My heart leapt when I saw this status update on Vui Fung’s Facebook page a couple of weeks ago:
“I try my best to face all of this… I never wanna try to hide it again…”
It was a huge step for her – this shy, awkward girl who hates being in the limelight, hates talking to strangers, hates making a fuss of anything. I messaged her. She told me she had decided to be brave. She would stand up, speak out, do everything necessary to help save her brother, Vui Kong.
This past week, she showed me she meant what she said.
Thursday, she attended the launch of the “Save Yong Vui Kong” campaign in her hometown, Sandakan. Sat up front with her brother’s lawyers and some other Very Important People, handed out petition forms, and didn’t once try to shy away when the press asked her questions.
Friday, she hit the streets with activists, politicians, friends and some relatives. At first, she hung back, approaching only the people she knew, urging them to sign a petition in support of her brother’s plea for a second chance. Twice, she nearly chickened out. We could tell it was incredibly stressful for her. She’d never ever been an activist. And this was her brother she was fighting for. So much was at stake. There was a look of panic on her face each time she walked up to a new person.
But she pressed on. And as the day progressed, she got bolder and started approaching everyone and anyone she came across – aunties at the market, kopitiam ah peks, old makciks drinking tea, teachers, shopkeepers, random strangers… they all signed the petition. She even managed to smile when people pointed at her and exclaimed, “You’re the sister!”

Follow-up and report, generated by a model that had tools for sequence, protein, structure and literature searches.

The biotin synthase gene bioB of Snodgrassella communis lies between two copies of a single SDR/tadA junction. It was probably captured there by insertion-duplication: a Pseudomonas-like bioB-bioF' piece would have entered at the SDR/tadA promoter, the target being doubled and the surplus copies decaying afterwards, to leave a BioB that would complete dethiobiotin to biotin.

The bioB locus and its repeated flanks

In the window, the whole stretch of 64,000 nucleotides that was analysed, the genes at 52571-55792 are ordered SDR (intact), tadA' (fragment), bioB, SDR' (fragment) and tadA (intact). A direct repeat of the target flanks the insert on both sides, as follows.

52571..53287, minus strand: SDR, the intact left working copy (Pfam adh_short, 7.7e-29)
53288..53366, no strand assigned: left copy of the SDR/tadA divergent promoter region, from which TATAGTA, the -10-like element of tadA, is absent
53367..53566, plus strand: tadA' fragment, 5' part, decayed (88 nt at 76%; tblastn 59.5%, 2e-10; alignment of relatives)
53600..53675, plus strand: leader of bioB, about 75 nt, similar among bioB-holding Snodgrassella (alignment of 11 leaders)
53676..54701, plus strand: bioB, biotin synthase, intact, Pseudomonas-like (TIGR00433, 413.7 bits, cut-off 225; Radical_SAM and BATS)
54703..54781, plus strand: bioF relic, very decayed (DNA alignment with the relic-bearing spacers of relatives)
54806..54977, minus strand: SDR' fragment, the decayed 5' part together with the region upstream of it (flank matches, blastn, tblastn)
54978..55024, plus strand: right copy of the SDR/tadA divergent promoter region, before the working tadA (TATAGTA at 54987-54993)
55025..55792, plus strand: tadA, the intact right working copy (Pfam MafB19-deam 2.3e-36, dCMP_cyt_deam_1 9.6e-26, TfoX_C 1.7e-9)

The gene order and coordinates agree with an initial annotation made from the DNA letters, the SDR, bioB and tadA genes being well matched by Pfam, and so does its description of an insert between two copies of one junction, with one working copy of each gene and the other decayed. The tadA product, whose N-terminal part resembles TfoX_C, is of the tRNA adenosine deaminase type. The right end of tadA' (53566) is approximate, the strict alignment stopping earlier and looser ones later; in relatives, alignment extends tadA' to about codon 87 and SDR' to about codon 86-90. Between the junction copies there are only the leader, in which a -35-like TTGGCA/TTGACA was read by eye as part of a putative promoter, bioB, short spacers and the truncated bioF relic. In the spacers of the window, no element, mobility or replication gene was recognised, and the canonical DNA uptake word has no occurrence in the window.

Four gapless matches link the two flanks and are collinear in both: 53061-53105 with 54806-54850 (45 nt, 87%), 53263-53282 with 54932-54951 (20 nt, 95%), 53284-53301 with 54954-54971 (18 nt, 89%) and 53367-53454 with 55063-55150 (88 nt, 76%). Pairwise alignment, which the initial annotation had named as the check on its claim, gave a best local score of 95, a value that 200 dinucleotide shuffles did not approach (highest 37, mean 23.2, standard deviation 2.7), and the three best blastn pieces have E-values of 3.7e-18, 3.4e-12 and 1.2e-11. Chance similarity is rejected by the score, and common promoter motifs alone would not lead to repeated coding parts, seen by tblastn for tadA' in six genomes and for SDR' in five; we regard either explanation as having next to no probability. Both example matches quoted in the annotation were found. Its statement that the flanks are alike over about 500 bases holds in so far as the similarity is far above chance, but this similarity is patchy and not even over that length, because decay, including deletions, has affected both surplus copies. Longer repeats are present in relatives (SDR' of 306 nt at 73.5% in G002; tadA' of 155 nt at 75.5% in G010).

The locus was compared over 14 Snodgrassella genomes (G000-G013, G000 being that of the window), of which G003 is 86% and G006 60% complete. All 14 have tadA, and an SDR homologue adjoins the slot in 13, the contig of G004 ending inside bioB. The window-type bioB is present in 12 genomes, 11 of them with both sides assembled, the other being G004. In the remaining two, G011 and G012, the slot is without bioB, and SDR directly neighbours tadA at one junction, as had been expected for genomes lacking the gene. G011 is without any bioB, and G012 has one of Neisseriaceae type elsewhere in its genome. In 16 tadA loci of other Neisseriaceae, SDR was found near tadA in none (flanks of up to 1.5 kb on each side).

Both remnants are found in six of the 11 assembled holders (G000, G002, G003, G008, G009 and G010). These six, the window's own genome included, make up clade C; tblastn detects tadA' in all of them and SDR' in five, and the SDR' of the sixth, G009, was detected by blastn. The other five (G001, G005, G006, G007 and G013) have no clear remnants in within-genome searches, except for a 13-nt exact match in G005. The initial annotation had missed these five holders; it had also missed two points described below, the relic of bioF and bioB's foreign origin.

She collected more than 30 signatures that day. We congratulated her. “Not enough,” she said.
On our last evening in Sandakan, she came to our hotel with a laptop and a stack of photographs. There were dark circles under her eyes. We told her to go home and get some rest. But she said there was one last thing she had to do.
She wanted to write to President Nathan. And she wanted to combine her letter with photographs of Vui Kong, her family and other supporters. It was 11pm when she started work. She was cranky and nervous and jittery – terrified the President would be put off by her bad grammar, her inability to properly express herself. We told her to calm down and write from her heart. She shooed us away.
She drafted and redrafted the text. Didn’t sleep all night. And when we woke up, the letter was nearly done. Nearly. She fussed over punctuation marks, and sentence structure. Wrote and cancelled paragraphs. Glued, and unstuck photographs.
She only stopped to accompany us to the airport. There, she found a quiet spot, ordered us to go sit somewhere else, and continued working. She finished just before the final call. As we said goodbye, she asked if we thought the President would even bother reading what she had written.